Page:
OSes meant for end-users (and developers from another platforms) should not be given complete access by default, I guess.
I'm afraid I don't understand your story/example/point at all.

Code:
snowpine@ubuntu:~$ sudo apt-get autoremove*
[sudo] password for snowpine: 
E: Invalid operation autoremove*
The command is harmless/meaningless on my machine (a totally stock install of Ubuntu 12.04).

I agree with you that user error executed as root/sudo on the command line can be potentially devastating (misuse of 'rm' for example) but I would consider that a "feature not a bug."
 
Old 07-23-2012, 07:02 PM   #23
Randicus Draco Albus
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Quote:
Originally Posted by leosubhadeep View Post
A few days ago, when I opted to switch to Linux (Ubuntu), I mistakenly used a ...
I do not want to defend Ubuntu, because I hate it. But in this case I am forced to. The OS is at fault, because you made a mistake? That's logical.
 
Old 07-24-2012, 08:45 AM   #24
leosubhadeep
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Lightbulb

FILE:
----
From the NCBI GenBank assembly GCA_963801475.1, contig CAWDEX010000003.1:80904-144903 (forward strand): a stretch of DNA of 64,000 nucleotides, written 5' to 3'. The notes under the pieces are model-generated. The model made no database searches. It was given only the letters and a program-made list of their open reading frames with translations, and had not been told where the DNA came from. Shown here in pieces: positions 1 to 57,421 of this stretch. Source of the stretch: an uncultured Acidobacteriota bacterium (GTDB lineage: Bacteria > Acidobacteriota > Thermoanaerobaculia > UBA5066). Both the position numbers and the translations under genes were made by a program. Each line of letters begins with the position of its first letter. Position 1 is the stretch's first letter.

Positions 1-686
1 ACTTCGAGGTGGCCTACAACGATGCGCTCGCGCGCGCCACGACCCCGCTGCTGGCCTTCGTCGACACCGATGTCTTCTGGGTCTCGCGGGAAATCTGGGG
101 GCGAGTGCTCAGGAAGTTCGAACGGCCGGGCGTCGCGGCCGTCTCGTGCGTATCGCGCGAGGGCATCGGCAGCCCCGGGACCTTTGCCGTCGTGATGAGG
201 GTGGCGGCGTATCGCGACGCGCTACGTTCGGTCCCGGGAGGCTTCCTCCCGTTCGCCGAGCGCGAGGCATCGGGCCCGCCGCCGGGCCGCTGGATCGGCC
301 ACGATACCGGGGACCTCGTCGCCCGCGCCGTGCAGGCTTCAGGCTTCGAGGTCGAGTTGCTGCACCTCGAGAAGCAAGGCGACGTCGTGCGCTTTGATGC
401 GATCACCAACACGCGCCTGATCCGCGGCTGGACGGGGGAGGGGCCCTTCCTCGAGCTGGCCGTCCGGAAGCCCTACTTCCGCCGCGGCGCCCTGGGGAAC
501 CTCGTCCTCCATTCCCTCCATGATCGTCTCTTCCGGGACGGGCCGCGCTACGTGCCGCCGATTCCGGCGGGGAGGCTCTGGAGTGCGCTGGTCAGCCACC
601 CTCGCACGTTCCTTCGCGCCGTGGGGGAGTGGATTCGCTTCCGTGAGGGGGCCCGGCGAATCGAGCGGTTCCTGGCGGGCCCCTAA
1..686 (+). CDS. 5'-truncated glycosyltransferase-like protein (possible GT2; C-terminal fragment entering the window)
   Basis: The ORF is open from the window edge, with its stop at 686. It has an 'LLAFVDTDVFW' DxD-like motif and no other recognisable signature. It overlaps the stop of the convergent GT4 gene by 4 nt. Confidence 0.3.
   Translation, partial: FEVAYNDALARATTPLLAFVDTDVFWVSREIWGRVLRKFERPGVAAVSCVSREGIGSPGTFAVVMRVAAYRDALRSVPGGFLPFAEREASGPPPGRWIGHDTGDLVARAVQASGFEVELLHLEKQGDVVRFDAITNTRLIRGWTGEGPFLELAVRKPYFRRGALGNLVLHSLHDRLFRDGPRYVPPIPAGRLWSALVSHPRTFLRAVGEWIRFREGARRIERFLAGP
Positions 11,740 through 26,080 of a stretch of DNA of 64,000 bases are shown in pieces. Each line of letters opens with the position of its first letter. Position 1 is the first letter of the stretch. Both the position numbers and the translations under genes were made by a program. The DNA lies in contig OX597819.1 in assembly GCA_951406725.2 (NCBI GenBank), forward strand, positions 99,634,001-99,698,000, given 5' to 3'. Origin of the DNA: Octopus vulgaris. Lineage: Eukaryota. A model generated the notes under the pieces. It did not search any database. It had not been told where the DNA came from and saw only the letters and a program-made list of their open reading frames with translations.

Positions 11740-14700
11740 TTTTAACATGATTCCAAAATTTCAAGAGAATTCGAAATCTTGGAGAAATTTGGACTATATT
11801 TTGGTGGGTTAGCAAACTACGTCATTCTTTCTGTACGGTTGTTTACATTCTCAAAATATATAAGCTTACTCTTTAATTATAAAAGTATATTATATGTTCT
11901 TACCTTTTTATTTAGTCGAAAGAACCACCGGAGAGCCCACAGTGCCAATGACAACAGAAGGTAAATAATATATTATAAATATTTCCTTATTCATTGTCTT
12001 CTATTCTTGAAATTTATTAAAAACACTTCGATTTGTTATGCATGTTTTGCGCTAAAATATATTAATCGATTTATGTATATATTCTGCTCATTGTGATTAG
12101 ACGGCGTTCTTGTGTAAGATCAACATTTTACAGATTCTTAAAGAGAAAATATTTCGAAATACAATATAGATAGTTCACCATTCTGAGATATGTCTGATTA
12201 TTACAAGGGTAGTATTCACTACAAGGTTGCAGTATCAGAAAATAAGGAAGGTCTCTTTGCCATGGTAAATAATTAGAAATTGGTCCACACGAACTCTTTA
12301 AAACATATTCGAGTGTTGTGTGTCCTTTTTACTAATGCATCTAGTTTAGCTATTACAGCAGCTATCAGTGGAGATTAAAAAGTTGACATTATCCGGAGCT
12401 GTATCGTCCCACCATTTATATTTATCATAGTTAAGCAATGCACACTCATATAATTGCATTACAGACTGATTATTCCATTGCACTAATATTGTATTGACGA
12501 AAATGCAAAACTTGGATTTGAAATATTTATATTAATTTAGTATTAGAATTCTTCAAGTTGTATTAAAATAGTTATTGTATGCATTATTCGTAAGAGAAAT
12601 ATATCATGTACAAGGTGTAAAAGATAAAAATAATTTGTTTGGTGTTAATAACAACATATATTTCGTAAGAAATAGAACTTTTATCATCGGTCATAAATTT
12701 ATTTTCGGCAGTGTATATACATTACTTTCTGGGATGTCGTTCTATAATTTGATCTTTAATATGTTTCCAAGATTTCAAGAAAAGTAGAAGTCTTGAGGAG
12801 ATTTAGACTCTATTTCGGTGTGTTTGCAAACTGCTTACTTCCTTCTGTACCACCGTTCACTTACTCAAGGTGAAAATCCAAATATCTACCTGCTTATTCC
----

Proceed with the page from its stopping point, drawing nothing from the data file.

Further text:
Quote:
Originally Posted by snowpine View Post
I'm afraid I don't understand your story/example/point at all.

Code:
snowpine@ubuntu:~$ sudo apt-get autoremove*
[sudo] password for snowpine: 
E: Invalid operation autoremove*
The command is harmless/meaningless on my machine (a totally stock install of Ubuntu 12.04).

I agree with you that user error executed as root/sudo on the command line can be potentially devastating (misuse of 'rm' for example) but I would consider that a "feature not a bug."
I'm sorry, it seems that I posted a wrong command-line code and perhaps a wrong access level, but the command arguement "autoremove" somehow emptied my installation! As you can see I'm a novice in *NIX platform, I mentioned a wrong command as harmful!
As for the "feature not a bug": surely they are features, I have not considered them as "bug".. that's why I'm in Linux. Feature, indeed, but has potential to devastate.

The power considered as feature by experienced developers, could sometimes be proved to be a disaster to a novice developer and/or an end-user. That was my point.
 
Old 07-24-2012, 08:53 AM   #25
leosubhadeep
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Quote:
Originally Posted by Randicus Draco Albus View Post
I do not want to defend Ubuntu, because I hate it. But in this case I am forced to. The OS is at fault, because you made a mistake? That's logical.
Perhaps you didn't read the post on which i made that reply. I didn't say the OS is at fault, I said that anyone could make a mistake without unlimited access and without sufficient knowledge and experience in development.

You defended Ubuntu even you hate it? That's even more logical, I must admit.